Monday, February 25, 2008

Language Cake

I started reading Irish novelist Joseph O'Connor's Redemption Falls the other day. The book is set in the immediate aftermath of the American Civil War; perhaps it's a kind of new wave Gone With the Wind (which I found rather dull, quite honestly). This book was highly praised by critics of all stripes in the TLS, and I can see why. O'Connor's language is like a very rich piece of chocolate mousse cake that I can only eat a little bite of at a time. I find myself rereading paragraphs just for the pleasure of nibbling at the author's delicious dessert of words, so I haven't reached page 30 yet. To wit:

She had not been walking long when it started to happen. Everything was coming to merit attention. A rice-field. Two flies. A dead chicken-hawk in a gully. The eyes of hungry alligators resentful in the slime. All of it seemed equal, which is one definition of madness. The weight of the world had lost proportion.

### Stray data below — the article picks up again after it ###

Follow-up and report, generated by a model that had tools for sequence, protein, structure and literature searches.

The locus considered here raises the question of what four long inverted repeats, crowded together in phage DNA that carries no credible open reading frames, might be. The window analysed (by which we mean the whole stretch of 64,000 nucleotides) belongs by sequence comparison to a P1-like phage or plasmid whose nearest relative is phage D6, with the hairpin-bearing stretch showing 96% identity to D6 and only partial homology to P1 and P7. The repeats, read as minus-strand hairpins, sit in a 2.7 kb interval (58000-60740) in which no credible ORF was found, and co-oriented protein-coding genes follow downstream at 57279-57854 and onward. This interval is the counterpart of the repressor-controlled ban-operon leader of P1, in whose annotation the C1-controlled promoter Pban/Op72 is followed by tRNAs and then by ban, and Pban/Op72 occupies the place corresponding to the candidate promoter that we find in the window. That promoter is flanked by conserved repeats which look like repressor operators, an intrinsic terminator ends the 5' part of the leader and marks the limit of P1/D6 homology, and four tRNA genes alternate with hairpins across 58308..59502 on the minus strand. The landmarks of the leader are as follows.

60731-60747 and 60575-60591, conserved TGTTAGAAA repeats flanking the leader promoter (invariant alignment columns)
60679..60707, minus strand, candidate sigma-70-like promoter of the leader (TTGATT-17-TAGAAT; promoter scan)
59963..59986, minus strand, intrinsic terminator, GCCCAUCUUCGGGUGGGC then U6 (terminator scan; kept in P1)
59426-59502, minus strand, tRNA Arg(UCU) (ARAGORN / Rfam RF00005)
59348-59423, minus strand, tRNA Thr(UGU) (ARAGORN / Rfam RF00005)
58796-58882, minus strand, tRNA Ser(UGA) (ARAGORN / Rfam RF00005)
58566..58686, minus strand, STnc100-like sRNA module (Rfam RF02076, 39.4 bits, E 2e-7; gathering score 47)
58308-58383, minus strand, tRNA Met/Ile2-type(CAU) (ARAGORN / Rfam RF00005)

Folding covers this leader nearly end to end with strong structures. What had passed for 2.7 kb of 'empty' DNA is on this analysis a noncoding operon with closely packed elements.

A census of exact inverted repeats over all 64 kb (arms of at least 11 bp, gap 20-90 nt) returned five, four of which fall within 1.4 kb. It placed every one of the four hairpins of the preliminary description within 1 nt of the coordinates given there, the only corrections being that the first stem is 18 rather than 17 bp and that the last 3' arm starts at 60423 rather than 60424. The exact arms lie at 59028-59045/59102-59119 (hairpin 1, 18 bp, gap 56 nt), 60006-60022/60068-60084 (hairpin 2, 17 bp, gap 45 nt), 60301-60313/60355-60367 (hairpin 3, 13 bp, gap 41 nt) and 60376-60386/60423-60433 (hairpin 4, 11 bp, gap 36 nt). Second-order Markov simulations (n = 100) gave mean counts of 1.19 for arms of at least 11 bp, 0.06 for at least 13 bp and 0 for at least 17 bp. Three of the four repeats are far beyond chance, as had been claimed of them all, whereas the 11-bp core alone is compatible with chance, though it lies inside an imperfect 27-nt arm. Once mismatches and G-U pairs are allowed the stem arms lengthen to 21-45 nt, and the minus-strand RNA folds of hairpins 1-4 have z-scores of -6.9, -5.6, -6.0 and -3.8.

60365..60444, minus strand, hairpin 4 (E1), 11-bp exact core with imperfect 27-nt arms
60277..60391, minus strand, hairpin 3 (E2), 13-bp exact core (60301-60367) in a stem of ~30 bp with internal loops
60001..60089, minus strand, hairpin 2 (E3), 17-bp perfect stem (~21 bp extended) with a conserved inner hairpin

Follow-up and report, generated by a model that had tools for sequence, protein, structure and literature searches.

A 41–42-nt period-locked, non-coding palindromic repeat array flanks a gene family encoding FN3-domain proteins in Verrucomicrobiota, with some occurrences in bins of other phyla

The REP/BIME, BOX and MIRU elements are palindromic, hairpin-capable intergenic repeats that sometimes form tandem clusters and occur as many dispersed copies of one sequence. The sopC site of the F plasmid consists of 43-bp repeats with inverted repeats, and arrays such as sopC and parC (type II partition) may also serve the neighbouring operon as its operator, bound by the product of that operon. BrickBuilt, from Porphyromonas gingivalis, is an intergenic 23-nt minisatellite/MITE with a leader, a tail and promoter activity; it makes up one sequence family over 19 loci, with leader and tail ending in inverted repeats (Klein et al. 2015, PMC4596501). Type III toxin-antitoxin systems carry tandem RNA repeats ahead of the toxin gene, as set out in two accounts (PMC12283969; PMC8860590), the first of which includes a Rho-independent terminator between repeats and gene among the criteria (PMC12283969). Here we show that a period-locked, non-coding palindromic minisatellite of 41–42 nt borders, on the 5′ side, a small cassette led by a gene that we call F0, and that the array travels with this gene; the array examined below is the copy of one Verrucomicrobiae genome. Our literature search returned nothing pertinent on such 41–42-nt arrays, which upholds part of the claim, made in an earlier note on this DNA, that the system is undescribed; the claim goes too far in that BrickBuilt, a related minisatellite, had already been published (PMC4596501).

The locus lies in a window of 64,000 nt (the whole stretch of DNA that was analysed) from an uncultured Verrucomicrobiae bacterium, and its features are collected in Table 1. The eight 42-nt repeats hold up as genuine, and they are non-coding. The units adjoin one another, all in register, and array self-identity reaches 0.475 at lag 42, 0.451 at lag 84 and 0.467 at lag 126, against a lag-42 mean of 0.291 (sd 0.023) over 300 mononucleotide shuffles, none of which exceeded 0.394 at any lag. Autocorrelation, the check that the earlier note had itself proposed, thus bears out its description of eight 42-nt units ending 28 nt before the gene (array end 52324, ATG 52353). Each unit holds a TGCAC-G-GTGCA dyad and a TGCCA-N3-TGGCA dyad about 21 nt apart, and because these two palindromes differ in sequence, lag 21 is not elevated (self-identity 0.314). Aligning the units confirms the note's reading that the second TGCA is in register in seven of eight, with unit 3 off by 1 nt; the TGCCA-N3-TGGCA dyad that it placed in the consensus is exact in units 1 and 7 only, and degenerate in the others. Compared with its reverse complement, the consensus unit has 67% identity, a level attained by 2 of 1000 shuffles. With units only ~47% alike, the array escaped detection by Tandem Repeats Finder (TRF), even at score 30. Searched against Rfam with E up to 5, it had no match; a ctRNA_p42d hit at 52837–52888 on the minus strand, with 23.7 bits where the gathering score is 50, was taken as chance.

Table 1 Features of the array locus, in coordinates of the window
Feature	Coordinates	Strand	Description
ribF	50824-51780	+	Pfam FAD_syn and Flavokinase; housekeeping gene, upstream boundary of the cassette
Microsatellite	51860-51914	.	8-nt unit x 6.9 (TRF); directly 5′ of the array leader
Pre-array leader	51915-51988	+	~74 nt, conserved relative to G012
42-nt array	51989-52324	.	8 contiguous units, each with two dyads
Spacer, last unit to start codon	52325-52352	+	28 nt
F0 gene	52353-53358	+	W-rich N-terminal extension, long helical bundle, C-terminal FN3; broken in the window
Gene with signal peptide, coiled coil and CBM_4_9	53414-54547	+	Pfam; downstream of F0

There were days when she hobbled until the world began to shimmer. The sky billowed around her like the folds of the apocalypse and the white-hot egg of pain in her breast threatened to crack with a seepage of venom.

Goodness knows how long it's going to take for me to reach the end of this novel

1 comment:

Ms-Chievous said...

I just re-read my favorite book for the ??th? time.
It's very much like your book where the descriptions and details envelop you.
I'm going to post a bit of it for you, but I'll do it on my blog so I don't hi-jack your space too much.
Redemption Falls is now on my Amazon list.